The Life and Near Death of Nosferatu

 26 May 1897, a book was published by the name of Dracula by Irish author, Bram Stoker. Almost immediately, people started adapting the horror story into plays. Shortly after the novel was published, motion pictures started to catch on, and one of the first books to be adapted into film was Dracula.

In 1922, German silent film director F. W. Murnau made a film titled Nosferatu: eine Symphonie des Grauens (“Nosferatu: A Symphony of Horror”). By then, Bram Stoker had been dead ten years, but his widow, Florence Stoker, was still alive, and hadn’t given permission to make the film.

The screenwriter, Henrik Galeen, had changed the names and places of the story, and even some key plot points, but the story was unmistakeably based on Bram Stoker’s novel. So Florence Stoker sued for copyright infringement, and won. The makers of Nosferatu were ordered to burn every negative and copy of the film, which they did.

However, piracy was a big thing back thing, just as it is now, and bootlegged copied of the film were hidden away. It’s because of these bootleggers that the film remains to this day, and is perhaps one of the most terrifying films of all time. It is now in the public domain, so the entire film is on youTube. Enjoy.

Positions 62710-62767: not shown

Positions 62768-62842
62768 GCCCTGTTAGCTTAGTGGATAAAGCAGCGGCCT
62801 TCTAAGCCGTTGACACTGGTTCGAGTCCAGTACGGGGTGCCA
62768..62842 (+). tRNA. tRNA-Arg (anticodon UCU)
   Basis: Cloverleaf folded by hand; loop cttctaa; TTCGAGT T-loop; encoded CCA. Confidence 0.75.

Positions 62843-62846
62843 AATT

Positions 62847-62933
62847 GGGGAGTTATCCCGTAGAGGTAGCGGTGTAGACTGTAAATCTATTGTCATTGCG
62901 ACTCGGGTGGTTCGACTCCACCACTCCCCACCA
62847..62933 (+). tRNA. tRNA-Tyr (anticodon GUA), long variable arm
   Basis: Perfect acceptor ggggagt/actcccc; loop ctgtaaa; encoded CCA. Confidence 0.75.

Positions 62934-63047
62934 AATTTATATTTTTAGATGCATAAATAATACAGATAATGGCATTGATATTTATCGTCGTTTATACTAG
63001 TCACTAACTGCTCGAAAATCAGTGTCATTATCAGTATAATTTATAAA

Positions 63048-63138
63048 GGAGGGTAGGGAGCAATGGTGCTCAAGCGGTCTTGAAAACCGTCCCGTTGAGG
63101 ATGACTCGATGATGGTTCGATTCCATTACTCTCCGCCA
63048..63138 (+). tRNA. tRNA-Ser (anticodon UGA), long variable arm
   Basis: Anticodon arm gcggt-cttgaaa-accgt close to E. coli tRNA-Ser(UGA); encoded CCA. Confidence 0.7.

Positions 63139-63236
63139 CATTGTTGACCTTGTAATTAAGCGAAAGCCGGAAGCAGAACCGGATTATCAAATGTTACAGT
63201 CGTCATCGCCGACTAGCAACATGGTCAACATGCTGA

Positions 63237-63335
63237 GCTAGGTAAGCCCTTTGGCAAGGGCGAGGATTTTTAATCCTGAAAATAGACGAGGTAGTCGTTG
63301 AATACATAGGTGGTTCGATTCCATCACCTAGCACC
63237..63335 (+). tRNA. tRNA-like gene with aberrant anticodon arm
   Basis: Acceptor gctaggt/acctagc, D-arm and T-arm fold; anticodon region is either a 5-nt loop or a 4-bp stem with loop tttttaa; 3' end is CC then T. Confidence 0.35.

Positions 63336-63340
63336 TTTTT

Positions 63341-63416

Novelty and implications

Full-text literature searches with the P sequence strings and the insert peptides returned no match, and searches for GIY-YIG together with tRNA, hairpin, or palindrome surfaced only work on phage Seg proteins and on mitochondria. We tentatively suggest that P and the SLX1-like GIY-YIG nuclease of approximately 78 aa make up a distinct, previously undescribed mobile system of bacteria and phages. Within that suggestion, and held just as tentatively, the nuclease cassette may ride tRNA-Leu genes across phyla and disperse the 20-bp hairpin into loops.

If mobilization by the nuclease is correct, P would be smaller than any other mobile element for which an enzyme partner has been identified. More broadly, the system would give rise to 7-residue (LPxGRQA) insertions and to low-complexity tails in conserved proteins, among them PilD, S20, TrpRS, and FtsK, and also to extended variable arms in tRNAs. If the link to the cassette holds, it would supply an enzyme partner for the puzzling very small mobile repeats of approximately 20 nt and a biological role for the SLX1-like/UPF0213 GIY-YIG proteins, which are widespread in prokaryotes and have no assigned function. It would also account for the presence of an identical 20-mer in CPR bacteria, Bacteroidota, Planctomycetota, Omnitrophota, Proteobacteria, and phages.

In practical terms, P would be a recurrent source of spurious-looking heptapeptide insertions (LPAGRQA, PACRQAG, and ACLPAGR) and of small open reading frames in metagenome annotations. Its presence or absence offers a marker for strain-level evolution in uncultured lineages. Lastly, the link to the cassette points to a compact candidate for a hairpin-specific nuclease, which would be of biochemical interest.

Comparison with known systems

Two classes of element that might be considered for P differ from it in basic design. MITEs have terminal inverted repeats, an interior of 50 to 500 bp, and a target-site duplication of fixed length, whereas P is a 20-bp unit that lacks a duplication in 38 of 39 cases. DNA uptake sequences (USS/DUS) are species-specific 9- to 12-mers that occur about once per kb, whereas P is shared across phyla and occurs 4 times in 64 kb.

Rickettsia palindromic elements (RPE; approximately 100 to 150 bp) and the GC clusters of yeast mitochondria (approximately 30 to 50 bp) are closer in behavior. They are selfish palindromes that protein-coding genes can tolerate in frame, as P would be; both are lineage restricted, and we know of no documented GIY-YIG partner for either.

About Trevor Boot

I’ve been officially writing since 2004, when I was 15, but I started writing for fun now and then in 2001, when I was 12. I mostly wrote short stories and poems, but then in 2008, I wrote my first novel, titled Xangsburgh. Before this, my writing never really had any direction. I would just write independent stories that had no connection with each other, so I always had to start over from scratch. With Xangsburgh, I had a fictional city I could base all my stories in, with the stories building on each other. For me, that made writing easier, because now I don’t have to start from scratch every time. I could use Sheriff Brock without having to introduce him every time. In 2011, I realized I really enjoyed taking pictures. Several of my friends would comment that my pictures were near-professional quality. So on top of my writing, I’m also an amateur photographer. In 2014, I published Xangsburgh, as well as a photo book with some of my favourite photos I have taken, and a book of poems I’ve written between 2001 and 2013.
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One Response to The Life and Near Death of Nosferatu

  1. Whoa! That some interesting stuff…never would have known!

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